When environmental conditions favor downy mildew development, cultural practices alone are not enough to manage the disease. Protectant strategies are particularly important during the year of planting to minimize crown infection and limit disease levels in the future. Well-timed fungicide applications just after the first spikes emerge and before pruning has been shown to significantly improve infection levels season long. Subsequent fungicide applications should be made in response to conducive environmental conditions (temperatures above 41 F and wetting events). Fungicides containing copper, boscalid, pyraclostrobin, phosphorous acids and a number of biopesticides have varying activity against downy mildew. Many growers also utilize sulfur-based products as protectants.

Michigan growers have yet to report significant powdery mildew damage, but given the experiences of hop growers around the U.S. growers should keep an eye out for this potentially significant pathogen.

Growers should also carefully monitor their hops for potato leafhopper populations as this insect has arrived throughout Michigan in the last week. Potato leafhoppers move in all directions when disturbed, unlike some leafhoppers that have a distinct pattern of movement. Potato leafhoppers can’t survive Michigan’s winter and survive in the Gulf States until adults migrate north in the spring on storm systems. Although hop plants are susceptible to potato leafhoppers, they can tolerate some level of feeding and growers should be conservative in the application of insecticides. At this time, there is no set economic threshold for potato leafhopper in hops.

Potato leafhopper feeding on hops causes what growers have termed “hopper burn,” which causes necrosis of the leaf margin in a v-shaped pattern and may cause a yellowed or stunted appearance as well. Scouting for potato leafhoppers should be performed weekly as soon as leaf tissue is present to ensure detection early and prevent injury. More frequent spot checks should be done following rain storms that carry the first populations north.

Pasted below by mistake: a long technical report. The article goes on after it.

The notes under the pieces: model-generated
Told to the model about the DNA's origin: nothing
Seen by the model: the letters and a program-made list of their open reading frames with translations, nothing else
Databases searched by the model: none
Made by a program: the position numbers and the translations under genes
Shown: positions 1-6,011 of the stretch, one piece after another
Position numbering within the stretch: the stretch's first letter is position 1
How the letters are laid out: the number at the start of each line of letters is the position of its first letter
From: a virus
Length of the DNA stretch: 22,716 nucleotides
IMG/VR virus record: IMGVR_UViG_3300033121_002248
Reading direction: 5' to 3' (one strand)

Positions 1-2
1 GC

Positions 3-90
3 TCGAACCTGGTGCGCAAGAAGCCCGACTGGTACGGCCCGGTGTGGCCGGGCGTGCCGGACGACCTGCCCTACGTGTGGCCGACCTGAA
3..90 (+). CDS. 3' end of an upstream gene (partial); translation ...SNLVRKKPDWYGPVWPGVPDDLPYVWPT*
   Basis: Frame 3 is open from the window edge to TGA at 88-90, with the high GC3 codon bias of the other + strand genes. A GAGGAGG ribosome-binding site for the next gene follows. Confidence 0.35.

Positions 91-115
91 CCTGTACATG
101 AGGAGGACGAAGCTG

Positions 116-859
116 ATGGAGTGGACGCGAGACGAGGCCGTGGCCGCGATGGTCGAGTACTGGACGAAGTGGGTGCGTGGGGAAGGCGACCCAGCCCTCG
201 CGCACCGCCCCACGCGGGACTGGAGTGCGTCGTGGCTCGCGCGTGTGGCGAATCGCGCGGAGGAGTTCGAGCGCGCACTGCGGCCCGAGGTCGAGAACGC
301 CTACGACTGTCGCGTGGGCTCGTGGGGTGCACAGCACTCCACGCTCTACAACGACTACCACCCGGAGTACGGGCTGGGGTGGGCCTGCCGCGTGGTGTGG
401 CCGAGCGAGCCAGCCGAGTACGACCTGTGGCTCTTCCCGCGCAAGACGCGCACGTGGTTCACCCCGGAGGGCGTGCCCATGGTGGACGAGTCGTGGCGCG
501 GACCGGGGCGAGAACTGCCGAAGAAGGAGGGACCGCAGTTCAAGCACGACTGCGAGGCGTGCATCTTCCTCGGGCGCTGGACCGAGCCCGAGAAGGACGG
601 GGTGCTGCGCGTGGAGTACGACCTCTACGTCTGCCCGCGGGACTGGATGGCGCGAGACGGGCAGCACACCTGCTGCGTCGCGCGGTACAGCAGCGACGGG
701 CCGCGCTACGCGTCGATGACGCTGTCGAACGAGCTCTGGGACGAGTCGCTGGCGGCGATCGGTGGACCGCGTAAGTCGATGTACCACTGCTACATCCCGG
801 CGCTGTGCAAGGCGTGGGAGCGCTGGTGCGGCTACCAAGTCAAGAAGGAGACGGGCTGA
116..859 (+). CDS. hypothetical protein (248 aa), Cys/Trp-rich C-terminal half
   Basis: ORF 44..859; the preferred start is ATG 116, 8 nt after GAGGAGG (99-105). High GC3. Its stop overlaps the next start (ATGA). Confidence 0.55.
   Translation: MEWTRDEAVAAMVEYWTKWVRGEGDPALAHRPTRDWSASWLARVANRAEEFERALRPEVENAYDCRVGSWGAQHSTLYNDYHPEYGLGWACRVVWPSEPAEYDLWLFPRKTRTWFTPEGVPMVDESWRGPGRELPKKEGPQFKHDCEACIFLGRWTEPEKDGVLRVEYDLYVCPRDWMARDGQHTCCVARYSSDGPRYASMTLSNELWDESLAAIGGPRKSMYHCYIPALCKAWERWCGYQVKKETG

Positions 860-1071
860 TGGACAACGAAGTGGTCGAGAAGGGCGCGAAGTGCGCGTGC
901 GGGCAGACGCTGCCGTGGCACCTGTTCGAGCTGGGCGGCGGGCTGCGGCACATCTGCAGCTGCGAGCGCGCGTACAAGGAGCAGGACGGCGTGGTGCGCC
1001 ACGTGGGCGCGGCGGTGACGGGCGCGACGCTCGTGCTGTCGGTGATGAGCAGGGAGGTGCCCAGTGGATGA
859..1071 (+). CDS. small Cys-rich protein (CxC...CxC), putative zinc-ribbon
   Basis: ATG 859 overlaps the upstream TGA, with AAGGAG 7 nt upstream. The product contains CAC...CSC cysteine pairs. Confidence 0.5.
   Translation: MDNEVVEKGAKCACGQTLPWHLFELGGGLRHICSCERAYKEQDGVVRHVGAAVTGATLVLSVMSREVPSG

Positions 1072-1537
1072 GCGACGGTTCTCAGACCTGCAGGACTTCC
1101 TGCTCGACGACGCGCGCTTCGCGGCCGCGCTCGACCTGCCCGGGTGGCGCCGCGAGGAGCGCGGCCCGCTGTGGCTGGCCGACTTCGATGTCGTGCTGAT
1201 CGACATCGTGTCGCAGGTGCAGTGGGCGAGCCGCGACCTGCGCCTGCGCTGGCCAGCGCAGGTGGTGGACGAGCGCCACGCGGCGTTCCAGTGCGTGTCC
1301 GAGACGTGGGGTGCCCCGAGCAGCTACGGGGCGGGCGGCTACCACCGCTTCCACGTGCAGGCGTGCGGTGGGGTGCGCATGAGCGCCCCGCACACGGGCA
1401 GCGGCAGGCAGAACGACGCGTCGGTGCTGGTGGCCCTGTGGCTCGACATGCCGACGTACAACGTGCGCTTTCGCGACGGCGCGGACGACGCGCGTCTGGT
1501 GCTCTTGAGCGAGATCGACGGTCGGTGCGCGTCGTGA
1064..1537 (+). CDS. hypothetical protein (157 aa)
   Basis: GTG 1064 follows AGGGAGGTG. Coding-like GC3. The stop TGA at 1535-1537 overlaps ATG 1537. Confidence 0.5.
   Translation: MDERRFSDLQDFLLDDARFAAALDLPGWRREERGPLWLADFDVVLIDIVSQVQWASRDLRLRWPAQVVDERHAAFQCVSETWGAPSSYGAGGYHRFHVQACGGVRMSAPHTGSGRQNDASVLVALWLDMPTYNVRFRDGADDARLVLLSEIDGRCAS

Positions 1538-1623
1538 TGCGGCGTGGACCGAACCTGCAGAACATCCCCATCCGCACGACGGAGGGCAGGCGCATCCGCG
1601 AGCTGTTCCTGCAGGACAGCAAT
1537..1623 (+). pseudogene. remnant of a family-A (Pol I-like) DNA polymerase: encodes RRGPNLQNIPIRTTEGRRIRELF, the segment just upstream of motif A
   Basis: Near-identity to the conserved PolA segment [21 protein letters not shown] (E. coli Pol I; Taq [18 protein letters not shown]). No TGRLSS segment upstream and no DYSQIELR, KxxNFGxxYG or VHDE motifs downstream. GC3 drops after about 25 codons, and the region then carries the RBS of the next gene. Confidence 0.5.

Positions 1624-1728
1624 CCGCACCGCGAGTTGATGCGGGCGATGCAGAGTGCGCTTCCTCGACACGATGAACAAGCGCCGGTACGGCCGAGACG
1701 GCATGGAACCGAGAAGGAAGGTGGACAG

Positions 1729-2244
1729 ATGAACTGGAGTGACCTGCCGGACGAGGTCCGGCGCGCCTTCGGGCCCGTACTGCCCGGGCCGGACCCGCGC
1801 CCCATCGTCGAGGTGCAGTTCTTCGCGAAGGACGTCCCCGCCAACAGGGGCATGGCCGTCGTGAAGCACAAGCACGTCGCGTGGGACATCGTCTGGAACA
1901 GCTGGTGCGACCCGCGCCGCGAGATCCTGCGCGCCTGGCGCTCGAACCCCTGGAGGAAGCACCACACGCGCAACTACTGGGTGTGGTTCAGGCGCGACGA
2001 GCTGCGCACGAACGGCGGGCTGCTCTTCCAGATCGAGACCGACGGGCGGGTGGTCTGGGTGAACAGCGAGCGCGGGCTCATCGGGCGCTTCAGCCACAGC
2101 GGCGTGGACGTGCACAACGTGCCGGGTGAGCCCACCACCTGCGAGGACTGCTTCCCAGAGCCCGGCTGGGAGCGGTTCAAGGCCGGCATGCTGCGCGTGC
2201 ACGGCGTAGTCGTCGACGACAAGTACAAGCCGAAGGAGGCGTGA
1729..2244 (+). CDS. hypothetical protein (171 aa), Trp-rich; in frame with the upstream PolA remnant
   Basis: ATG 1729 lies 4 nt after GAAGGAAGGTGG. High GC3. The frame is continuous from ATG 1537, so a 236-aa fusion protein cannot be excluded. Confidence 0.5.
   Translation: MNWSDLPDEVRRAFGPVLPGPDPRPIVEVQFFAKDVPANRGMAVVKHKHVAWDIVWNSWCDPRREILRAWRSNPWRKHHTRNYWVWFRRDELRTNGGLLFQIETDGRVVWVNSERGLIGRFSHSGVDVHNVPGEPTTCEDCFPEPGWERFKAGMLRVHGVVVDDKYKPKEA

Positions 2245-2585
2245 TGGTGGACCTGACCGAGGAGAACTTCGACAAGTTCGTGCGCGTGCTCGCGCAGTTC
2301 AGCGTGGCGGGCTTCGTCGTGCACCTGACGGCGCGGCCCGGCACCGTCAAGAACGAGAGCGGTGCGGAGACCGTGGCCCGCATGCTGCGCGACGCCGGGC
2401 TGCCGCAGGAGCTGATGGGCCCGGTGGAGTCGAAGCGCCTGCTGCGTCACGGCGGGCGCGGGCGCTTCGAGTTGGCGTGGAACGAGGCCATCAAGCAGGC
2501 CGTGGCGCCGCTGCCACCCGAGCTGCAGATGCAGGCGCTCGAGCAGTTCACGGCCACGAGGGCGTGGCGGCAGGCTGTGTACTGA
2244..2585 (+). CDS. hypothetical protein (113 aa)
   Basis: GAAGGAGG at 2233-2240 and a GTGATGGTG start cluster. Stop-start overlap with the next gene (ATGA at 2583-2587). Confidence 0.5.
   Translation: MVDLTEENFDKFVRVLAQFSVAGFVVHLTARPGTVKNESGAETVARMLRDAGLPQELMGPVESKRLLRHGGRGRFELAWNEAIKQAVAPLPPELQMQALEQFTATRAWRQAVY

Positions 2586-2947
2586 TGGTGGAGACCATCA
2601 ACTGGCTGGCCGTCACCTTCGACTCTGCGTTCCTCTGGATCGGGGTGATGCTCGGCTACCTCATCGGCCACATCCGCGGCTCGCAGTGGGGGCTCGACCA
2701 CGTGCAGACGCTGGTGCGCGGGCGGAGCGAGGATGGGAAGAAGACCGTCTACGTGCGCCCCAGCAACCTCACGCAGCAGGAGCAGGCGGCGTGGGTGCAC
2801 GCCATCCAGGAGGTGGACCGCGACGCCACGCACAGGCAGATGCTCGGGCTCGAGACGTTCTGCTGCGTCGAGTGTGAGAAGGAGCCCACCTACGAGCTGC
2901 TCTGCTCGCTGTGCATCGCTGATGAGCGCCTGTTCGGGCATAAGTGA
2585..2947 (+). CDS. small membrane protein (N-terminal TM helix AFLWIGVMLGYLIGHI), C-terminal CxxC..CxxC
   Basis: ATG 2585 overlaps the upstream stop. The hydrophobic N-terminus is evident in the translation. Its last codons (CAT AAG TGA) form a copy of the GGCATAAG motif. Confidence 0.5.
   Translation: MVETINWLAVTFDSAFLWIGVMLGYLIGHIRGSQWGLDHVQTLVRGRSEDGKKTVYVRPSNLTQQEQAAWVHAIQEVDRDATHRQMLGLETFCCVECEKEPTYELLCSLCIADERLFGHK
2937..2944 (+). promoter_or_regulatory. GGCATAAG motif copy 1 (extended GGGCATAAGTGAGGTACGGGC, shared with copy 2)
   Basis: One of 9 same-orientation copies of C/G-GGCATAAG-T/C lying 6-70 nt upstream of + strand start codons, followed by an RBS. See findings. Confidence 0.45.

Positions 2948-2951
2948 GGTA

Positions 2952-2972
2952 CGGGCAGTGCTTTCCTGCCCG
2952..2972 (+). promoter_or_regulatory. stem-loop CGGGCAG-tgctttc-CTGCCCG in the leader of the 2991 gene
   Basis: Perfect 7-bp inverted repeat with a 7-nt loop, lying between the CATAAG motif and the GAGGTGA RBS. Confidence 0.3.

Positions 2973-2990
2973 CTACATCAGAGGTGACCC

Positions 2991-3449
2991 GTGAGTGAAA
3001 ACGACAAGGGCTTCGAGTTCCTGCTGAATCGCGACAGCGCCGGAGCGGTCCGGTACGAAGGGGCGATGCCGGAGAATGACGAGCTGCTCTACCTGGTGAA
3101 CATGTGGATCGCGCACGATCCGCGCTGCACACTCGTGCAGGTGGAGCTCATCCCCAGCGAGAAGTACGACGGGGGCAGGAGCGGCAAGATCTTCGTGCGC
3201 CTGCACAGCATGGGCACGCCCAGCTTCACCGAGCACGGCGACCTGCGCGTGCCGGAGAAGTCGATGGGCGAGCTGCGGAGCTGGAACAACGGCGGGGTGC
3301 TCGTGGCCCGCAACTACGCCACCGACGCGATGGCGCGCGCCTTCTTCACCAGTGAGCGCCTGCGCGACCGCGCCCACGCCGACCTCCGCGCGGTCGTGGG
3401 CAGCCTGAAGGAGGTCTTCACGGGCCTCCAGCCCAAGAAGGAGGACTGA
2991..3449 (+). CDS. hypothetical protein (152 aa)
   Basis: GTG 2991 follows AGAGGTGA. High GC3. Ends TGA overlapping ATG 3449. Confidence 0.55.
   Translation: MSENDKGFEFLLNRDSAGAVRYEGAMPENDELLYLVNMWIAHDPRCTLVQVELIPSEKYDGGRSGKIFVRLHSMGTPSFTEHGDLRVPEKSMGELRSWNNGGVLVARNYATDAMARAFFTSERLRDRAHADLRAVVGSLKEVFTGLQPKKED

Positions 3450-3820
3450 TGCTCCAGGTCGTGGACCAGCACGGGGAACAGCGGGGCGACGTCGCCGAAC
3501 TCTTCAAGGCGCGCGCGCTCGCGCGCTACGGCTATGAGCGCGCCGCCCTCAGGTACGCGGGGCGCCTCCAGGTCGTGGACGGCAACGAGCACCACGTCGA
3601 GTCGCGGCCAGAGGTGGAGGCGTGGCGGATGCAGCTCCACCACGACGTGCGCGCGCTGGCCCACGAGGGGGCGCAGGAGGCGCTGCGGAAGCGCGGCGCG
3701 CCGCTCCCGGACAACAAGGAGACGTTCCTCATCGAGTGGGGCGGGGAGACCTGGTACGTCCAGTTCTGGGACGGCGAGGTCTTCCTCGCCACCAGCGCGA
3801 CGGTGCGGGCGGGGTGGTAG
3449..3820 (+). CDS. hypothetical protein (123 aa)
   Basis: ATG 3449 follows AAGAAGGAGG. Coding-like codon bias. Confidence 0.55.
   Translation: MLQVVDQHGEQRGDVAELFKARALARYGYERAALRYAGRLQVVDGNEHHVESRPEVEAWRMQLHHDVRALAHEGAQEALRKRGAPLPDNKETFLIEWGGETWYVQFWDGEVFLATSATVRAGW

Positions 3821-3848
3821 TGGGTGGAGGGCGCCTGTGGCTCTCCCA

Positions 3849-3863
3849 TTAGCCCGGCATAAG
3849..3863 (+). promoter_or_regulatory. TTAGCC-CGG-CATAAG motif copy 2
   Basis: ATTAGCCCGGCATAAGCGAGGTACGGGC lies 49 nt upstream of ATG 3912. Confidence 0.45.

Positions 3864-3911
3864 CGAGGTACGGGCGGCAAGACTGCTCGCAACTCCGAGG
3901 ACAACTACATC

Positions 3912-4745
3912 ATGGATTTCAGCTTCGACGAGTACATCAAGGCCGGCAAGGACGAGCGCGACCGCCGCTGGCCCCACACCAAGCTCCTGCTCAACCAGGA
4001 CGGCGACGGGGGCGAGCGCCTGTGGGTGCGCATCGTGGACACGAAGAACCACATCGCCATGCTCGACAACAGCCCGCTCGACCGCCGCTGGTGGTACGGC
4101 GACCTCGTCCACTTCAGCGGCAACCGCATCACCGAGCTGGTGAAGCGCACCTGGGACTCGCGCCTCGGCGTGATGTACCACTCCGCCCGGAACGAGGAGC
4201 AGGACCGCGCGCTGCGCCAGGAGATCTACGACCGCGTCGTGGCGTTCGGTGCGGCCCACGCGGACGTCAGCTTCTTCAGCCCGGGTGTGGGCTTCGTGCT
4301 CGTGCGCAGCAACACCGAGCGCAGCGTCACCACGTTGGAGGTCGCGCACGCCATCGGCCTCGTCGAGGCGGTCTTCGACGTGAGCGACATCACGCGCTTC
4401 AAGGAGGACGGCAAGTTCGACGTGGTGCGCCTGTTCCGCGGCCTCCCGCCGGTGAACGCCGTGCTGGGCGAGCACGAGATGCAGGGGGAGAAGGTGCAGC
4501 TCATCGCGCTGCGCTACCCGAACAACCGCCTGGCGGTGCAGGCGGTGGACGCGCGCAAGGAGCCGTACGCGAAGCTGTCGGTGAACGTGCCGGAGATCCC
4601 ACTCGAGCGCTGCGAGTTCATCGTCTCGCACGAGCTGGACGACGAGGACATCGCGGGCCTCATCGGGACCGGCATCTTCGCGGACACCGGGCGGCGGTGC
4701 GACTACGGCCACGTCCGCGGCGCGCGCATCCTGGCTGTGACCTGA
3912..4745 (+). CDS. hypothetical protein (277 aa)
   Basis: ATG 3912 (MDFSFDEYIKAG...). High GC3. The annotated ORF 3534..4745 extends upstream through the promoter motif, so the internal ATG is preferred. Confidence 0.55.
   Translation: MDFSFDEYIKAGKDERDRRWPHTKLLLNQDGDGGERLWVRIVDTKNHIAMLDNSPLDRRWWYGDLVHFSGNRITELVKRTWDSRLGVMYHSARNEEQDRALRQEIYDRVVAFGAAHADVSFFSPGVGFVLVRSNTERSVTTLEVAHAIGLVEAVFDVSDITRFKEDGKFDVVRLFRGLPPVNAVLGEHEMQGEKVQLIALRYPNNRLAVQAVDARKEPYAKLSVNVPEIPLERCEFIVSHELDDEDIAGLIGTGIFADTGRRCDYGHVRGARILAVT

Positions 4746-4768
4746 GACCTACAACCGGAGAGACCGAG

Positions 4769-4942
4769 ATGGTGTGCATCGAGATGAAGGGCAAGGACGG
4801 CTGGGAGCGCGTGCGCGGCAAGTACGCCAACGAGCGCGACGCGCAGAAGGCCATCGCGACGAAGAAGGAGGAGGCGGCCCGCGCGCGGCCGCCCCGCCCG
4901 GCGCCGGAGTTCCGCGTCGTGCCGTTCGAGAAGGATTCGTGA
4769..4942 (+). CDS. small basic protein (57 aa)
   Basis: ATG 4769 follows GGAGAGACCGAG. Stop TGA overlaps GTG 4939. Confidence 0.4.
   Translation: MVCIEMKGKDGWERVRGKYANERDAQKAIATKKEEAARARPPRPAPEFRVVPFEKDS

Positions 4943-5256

The easiest way to observe potato leafhoppers is by flipping the shoots or leaves over and looking for adults and nymphs on the underside of leaves. Growers may also chose to place two-sided yellow sticky traps in the field to catch potato leafhoppers.

Potato leafhopper
Potato leafhopper on yellow sticky trap caught in a northwest Michigan hopyard this week. Photo credit: Erin Lizotte, MSU Extension

The most common classes of insecticides recommended for control of potato leafhoppers include the pyrethroids and neonicitinoids. Pyrethroids are effective at controlling potato leafhoppers and remain relatively inexpensive. However, pyrethroids have been shown to cause increases in mite populations in other crops and should be used judiciously, particularly early in the season when mite populations have time to build over the season. Neonicitinoids are longer-lasting and narrow-spectrum, making them a solid choice for management. Pyganic is an OMRI-approved insecticide organic growers might consider for potato leafhopper management.

Growers continue to scout for mites and despite activity in tree fruit, no activity has been reported or observed in hopyards yet this season. Two-spotted spider mites are a significant pest of hops in Michigan and can cause complete economic crop loss when high numbers occur by decreasing the photosynthetic ability of the leaves and causing direct mechanical damage to the hop cones. Two-spotted spider mites feed on the liquid in plant cells, eventually causing visible symptoms. Leaves take on a white appearance and will eventually defoliate under high pressure conditions. Intense infestations weaken the plant and reduce yield and quality. Infested cones develop a reddish discoloration, do not hold up to the drying process, and commonly have lower alpha levels and shorter storage potential. Additionally, the mites themselves act as a contaminate issue for brewers.